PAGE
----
Background The American Society of Radiologists has published concern regarding the incidence of degenerative spine disease in older children and young adolescents (Smith, 2003), and issued recommendations that children's backpacks should weigh ≥15% of their body weight. Our research question addressed knowledge of and compliance with this limit amongst children at the start of the school year and Scouts on a hiking trip.
Method A class of school children (n=32, age 13.2 to 14 years) were studied in the second week of the fall term and again 8 weeks later. A scout troop (n=24, age 12.9 to 16.7 years) and their 18 year old leaders (4) were also studied mid way into a hiking/camping trip when boarding a plane with all their gear. Data collected included age, ethnicity, gender, awareness of a weight advisory, weight with and without backpack (school - digital bathroom scale: Scouts - airline luggage scale) pack contents, and any back symptoms.
Results The results indicate that the adolescent males were carrying packs that ranged from 23-30% of their body weight, and 64% reported symptoms (neck, and shoulder aches, and low back pain) as a result of carrying their gear. Amongst the school children 19% had packs ≥15% of their body weight (range 15-16%). One child reported shoulder pain. Only 17% of school children used both straps to carry their packs. 83% of those with packs ≥15% were of Asian decent (5 males/1 female) and carried a computer. None of the school children or scouts was aware of the recommended weight limit for backpacks.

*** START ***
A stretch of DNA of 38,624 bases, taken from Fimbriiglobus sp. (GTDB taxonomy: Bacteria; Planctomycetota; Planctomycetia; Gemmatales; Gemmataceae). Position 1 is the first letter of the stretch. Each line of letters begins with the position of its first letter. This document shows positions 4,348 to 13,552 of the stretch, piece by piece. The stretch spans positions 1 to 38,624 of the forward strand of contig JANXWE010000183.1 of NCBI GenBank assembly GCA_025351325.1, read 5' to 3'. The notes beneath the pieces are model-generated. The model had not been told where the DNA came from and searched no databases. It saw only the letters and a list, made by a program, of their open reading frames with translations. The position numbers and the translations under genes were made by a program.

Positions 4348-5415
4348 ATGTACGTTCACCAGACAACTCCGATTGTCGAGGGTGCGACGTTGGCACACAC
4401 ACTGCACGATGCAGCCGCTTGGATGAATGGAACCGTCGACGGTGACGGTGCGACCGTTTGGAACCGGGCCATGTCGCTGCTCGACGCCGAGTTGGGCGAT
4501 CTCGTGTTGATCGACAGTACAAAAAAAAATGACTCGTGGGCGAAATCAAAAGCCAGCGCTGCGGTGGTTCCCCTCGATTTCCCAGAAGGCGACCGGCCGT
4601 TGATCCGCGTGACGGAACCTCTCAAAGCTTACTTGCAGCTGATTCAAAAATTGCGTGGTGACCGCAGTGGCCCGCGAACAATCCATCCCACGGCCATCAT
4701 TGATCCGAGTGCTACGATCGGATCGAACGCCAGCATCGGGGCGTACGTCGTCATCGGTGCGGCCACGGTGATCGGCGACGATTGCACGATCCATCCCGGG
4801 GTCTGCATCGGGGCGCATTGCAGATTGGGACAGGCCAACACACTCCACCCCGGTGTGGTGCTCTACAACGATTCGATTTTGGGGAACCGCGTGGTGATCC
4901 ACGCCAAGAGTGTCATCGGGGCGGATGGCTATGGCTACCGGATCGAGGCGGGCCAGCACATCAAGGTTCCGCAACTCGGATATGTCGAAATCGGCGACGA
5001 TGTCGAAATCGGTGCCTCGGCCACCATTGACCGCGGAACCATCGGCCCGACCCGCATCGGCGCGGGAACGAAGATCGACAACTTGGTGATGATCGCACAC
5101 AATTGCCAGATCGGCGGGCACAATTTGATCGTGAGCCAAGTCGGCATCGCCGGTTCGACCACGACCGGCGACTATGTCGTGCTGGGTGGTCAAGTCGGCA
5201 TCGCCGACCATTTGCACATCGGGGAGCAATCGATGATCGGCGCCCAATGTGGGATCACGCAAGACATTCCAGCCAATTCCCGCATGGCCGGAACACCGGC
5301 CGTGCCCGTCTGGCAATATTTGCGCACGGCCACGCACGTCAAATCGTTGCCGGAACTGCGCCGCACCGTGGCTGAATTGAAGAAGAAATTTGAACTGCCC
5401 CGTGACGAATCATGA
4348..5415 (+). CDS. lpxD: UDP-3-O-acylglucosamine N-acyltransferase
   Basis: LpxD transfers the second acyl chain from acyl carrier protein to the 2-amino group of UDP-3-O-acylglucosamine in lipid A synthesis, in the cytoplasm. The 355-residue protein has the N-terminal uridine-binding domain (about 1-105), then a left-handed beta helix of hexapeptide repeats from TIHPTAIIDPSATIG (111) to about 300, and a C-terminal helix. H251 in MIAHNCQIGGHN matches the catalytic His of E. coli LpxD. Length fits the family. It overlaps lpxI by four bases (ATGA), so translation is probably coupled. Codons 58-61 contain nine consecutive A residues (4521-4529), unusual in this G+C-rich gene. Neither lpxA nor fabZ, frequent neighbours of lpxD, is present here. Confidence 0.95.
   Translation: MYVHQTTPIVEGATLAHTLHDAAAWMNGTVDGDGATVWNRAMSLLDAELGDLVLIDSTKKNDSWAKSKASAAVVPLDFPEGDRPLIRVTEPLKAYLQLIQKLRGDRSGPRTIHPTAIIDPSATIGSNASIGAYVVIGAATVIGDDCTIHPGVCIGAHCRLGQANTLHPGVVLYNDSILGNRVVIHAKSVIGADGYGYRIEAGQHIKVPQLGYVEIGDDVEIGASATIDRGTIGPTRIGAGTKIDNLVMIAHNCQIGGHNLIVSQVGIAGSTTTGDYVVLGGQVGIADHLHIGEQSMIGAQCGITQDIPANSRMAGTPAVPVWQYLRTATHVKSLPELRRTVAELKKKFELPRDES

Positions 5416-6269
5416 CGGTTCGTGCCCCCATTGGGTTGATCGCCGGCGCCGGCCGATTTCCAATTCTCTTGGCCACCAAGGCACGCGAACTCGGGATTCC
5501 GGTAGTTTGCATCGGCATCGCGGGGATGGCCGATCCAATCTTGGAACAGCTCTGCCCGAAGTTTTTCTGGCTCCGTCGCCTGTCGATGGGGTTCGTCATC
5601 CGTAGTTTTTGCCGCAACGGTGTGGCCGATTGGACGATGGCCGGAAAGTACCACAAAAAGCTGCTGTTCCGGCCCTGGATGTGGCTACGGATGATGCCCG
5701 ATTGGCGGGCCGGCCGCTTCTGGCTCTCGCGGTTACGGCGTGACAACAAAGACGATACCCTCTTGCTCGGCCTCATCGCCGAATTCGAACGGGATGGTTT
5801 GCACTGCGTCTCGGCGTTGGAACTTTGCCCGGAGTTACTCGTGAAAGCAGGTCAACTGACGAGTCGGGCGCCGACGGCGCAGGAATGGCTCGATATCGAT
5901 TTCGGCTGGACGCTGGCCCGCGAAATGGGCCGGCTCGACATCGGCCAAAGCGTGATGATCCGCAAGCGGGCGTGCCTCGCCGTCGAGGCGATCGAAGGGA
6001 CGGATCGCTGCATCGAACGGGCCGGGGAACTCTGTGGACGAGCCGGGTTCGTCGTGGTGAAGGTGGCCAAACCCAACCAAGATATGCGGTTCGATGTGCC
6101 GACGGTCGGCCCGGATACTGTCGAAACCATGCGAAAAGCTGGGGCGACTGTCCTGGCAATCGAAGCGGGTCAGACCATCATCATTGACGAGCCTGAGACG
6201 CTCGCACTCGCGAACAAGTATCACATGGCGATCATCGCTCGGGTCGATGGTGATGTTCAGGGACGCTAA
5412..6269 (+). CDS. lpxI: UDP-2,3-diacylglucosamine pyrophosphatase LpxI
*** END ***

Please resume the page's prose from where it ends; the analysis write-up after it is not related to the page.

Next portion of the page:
Conclusion In our sample the incidence of school children with packs greater than the recommended weight (19%) raises concern and warrants guidelines based on further study. Packs are worn daily to school and weights could increase as the school year progress. Lack of awareness of recommendations is an issue. Guidelines could include distributing weight correctly by wearing pack straps on both shoulder, and carrying heavy items, such as a computer, separately.
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